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    I have an LG still air with auto turner. The temps have held steady but it is hard to make really small changes so I am often a little too low or just a hair to high, but once you get it right, doesn't change much. I actually went out of town for a week with this hatch and had a friend check it once a day to add water when necessary to check temps. I do have my home thermostat set at a steady temperature (so my family is hot when we're home and we are wasting the A/C when we're not, but it's only 3 weeks right?).

    That being said this is my first hatch, and I don't actually have any chicks yet, but I do hear peeping so I know I didn't kill them all. I would say if you are going to do this only occasionally, a styrofoam, economical incubator makes sense. If you are going to do this a lot, it might make you crazy so may be worth increasing your budget a little.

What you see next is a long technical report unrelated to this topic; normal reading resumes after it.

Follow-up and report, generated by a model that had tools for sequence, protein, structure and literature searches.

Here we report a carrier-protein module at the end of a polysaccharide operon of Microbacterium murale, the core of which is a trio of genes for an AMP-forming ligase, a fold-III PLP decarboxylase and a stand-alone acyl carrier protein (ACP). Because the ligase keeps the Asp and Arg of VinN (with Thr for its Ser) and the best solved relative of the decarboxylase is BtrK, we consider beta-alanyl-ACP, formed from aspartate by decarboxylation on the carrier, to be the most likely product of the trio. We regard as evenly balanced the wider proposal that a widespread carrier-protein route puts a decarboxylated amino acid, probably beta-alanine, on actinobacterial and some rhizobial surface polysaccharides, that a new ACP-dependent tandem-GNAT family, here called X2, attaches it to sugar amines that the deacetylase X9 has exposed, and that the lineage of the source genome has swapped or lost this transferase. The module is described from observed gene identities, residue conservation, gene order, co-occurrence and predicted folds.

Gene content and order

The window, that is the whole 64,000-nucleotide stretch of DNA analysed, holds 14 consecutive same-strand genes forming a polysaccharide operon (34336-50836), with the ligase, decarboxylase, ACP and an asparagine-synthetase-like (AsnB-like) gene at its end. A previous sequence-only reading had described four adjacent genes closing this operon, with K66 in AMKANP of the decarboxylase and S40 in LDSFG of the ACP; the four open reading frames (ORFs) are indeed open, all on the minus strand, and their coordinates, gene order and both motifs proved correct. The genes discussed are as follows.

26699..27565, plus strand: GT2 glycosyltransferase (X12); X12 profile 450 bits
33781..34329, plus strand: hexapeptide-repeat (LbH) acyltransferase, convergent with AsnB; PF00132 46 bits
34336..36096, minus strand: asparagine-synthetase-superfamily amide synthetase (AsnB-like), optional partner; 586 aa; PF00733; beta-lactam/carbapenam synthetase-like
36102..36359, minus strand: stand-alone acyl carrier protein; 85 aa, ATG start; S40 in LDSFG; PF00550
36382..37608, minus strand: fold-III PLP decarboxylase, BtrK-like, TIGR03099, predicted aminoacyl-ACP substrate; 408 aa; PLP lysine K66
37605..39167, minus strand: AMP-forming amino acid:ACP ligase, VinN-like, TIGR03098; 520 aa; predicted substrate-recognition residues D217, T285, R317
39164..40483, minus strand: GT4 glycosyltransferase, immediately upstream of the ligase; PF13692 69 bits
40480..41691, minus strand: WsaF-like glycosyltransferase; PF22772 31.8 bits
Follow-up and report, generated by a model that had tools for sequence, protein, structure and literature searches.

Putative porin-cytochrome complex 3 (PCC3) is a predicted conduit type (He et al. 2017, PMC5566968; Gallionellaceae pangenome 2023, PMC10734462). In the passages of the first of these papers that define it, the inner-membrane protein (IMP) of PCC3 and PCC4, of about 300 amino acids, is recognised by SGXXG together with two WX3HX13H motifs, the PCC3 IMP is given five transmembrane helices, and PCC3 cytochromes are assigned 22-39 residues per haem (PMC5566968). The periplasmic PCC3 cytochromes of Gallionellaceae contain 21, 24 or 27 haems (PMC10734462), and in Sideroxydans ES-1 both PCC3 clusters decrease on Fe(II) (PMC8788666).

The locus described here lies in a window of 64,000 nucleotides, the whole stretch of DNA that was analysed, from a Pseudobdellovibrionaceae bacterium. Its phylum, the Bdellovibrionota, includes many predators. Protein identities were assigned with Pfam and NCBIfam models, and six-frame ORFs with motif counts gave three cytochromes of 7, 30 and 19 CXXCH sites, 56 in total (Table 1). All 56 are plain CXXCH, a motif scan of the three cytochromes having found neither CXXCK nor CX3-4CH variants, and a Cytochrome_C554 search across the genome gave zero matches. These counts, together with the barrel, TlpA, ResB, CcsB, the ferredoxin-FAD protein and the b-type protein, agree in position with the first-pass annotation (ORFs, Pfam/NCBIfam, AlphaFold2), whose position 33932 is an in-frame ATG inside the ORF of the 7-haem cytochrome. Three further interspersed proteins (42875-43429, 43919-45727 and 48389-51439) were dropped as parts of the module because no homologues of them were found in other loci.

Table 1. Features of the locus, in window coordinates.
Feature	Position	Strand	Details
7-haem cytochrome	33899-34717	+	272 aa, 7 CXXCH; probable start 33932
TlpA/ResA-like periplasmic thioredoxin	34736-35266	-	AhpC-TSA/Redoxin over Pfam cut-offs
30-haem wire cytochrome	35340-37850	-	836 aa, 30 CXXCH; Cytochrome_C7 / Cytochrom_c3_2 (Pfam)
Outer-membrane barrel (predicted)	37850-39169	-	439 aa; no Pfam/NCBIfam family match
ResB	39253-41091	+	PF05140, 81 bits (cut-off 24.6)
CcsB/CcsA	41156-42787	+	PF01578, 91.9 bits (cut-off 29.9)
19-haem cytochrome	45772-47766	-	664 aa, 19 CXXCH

9. Kedreeva

    Kedreeva Longfeather Lane

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    I read those reviews, and I work full time, but I decided to go with a styrofoam one anyway. It was terrible to adjust the temp through the first hatch- temps up, down, all around. I was checking it before I left for work, as soon as I got home and at least 5 times before bed trying to get it to stabilize.

    Turns out, it was user error nearly 100%. I moved the location of the incubator to an enclosed space that was more temperature controlled and it has held perfect temp since Day 1 of my second hatch, which is currently ongoing.